History Stories

Let’s revisit five of the most believable UFO sightings of the 21st century.

In 2017, several news organizations revealed the existence of the Advanced Aviation Threat Identification Program (AATIP), a U.S. government-funded investigation into unidentified flying objects from 2007 to 2012. This secret $22 million program, however, was not the first of its kind. Official government UFO studies began in the late 1940s with Project Sign, providing some of the most credible videos of aerial phenomena to date. The 2017 revelation that the U.S. government was actively researching UFOs re-ignited world interest in UFOs and aliens. Below are five of the most believable UFO sightings of the 21st century.

READ MORE: Interactive Map: UFO Sightings Taken Seriously by the U.S. Government.

1. The Lights Above the New Jersey Turnpike (2001)

It takes a lot for motorists to stop alongside a highway to look toward the sky, but on July 14, 2001, drivers on the New Jersey Turnpike did just that. For around 15 minutes just after midnight, they marveled at the sight of strange orange-and-yellow lights in a V formation over the Arthur Kill Waterway between Staten Island, New York, and Carteret, New Jersey. Carteret Police Department’s Lt. Daniel Tarrant was one of the witnesses, as well as other metro-area residents from the Throgs Neck Bridge on Long Island and Fort Lee, New Jersey near the George Washington Bridge. 

Air-traffic controllers initially denied that any airplanes, military jets or space flights could have caused the mysterious lights, but a group known as the New York Strange Phenomena Investigators (NY-SPI) claimed to receive FAA radar data that corroborated the UFO sightings from that night.

READ MORE: Why Mysterious Green Fireballs Worried the Government in 1948

An image taken from a video released by the Defense Department's Advanced Aerospace Threat Identification Program of a 2004 encounter near San Diego between two Navy F/A-18F fighter jets and an unknown object. (Credit: U.S. Department of Defense via The New York Times/Redux)

An image taken from a video released by the Defense Department’s Advanced Aerospace Threat Identification Program of a 2004 encounter near San Diego between two Navy F/A-18F fighter jets and an unknown object. (Credit: U.S. Department of Defense via The New York Times/Redux)

2. The USS Nimitz Encounter (2004)

On November 14, 2004, the aircraft carrier USS Princeton noted an unknown craft on radar 100 miles off the coast of San Diego. For two weeks, the crew had been tracking objects that appeared at 80,000 feet and then plummeted to hover right above the Pacific Ocean. 

When two FA-18F fighter jets from the aircraft carrier USS Nimitz arrived in the area, they first saw what appeared to be churning boiling water in an oval shape underneath the surface. Then, in a few moments, a white Tic Tac-shaped object appeared above the water. It had no visible markings to indicate an engine, wings or windows, and infrared monitors didn't reveal any exhaust. Commander David Fravor and Lt. Commander Jim Slaight of Strike Fighter Squadron 41 attempted to intercept the craft, but it accelerated away, re-appearing on radar 60 miles away. It moved three times the speed of sound and twice the speed of the fighter jets.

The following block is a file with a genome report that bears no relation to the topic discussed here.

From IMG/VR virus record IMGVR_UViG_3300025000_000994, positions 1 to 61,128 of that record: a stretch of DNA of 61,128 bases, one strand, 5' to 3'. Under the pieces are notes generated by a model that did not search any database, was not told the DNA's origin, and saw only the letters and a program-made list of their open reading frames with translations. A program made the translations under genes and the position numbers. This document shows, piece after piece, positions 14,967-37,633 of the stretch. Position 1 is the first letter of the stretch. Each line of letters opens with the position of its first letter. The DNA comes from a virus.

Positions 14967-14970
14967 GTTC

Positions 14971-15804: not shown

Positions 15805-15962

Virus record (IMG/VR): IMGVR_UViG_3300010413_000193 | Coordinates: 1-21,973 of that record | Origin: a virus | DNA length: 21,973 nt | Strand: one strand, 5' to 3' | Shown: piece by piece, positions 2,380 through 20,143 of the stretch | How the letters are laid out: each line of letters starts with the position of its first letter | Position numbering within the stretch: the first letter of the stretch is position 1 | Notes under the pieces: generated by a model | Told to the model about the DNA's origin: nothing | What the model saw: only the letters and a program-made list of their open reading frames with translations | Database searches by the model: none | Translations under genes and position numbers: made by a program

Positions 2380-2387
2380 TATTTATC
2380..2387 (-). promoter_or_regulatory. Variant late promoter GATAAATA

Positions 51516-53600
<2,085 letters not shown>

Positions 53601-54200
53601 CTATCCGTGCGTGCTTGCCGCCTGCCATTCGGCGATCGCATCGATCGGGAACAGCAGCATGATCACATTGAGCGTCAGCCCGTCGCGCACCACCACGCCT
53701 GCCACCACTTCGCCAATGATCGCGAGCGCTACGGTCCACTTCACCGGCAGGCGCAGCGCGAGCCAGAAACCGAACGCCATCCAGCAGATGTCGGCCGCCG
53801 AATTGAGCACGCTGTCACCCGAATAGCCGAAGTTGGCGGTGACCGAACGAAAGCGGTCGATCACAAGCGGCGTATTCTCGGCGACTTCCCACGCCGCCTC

READ MORE: Two Pilots Saw a UFO. Why Did the Air Force Destroy the Report?

3. O’Hare International Airport Saucer (2006)

Flight 446 was getting ready to fly to North Carolina from Chicago’s O’Hare International Airport, when a United Airlines employee on the tarmac noticed a dark grey metallic craft hovering over gate C17. That day, November 7, 2006, a total of 12 United employees—and a few witnesses outside the airport—spotted the saucer-shaped craft around 4:15 p.m. 

The witnesses say it hovered for about five minutes before shooting upward, where it broke a hole in the clouds—enough that pilots and mechanics could see the blue sky. The news report became the most-read story on The Chicago Tribune’s website to that date and made international news. However, because the UFO was not seen on radar, the FAA called it a “weather phenomenon” and declined to investigate.

READ MORE: When UFOs Buzzed the White House and the Air Force Blamed the Weather

4. The Stephenville Sightings (2008)

The small town of Stephenville, Texas, 100 miles southwest of Dallas, is mostly known for its dairy farms, but in the evening of January 8, 2008, dozens of its residents viewed something unique in the sky. Citizens reported seeing white lights above Highway 67, first in a single horizontal arc and then in vertical parallel lines. Local pilot Steve Allen estimated that the strobe lights “spanned about a mile long and a half mile wide,” traveling about 3,000 miles per hour. No sound was reported.

Witnesses believed the event was reminiscent of the Phoenix Lights sightings of 1997. While the U.S. Air Force revealed weeks later that F-16s were flying in the Brownwood Military Operating Areas (just southwest of Stephenville), many townspeople didn’t buy that explanation, believing that what they saw was too technologically advanced for current human abilities.

READ MORE: The Unsolved Mystery of the 'Lubbock Lights' UFO Sightings

5. East Coast GO FAST Video (2015)

Leaked in 2017 along with the news of the Advanced Aviation Threat Identification Program, was a video that revealed an encounter between an F/A-18 Super Hornet and an unidentified flying vehicle. Seen along the East Coast on a Raytheon Advanced Targeting Forward-Looking Infrared (ATFLIR) Pod, the craft was similar to that spotted off San Diego in 2004: a fast-moving white oval about 45-feet-long without wings or exhaust plume. 

The pilots tracked the object at 25,000 feet above the Atlantic Ocean as it flew away and simultaneously rotated on its axis. No explanation ever emerged.

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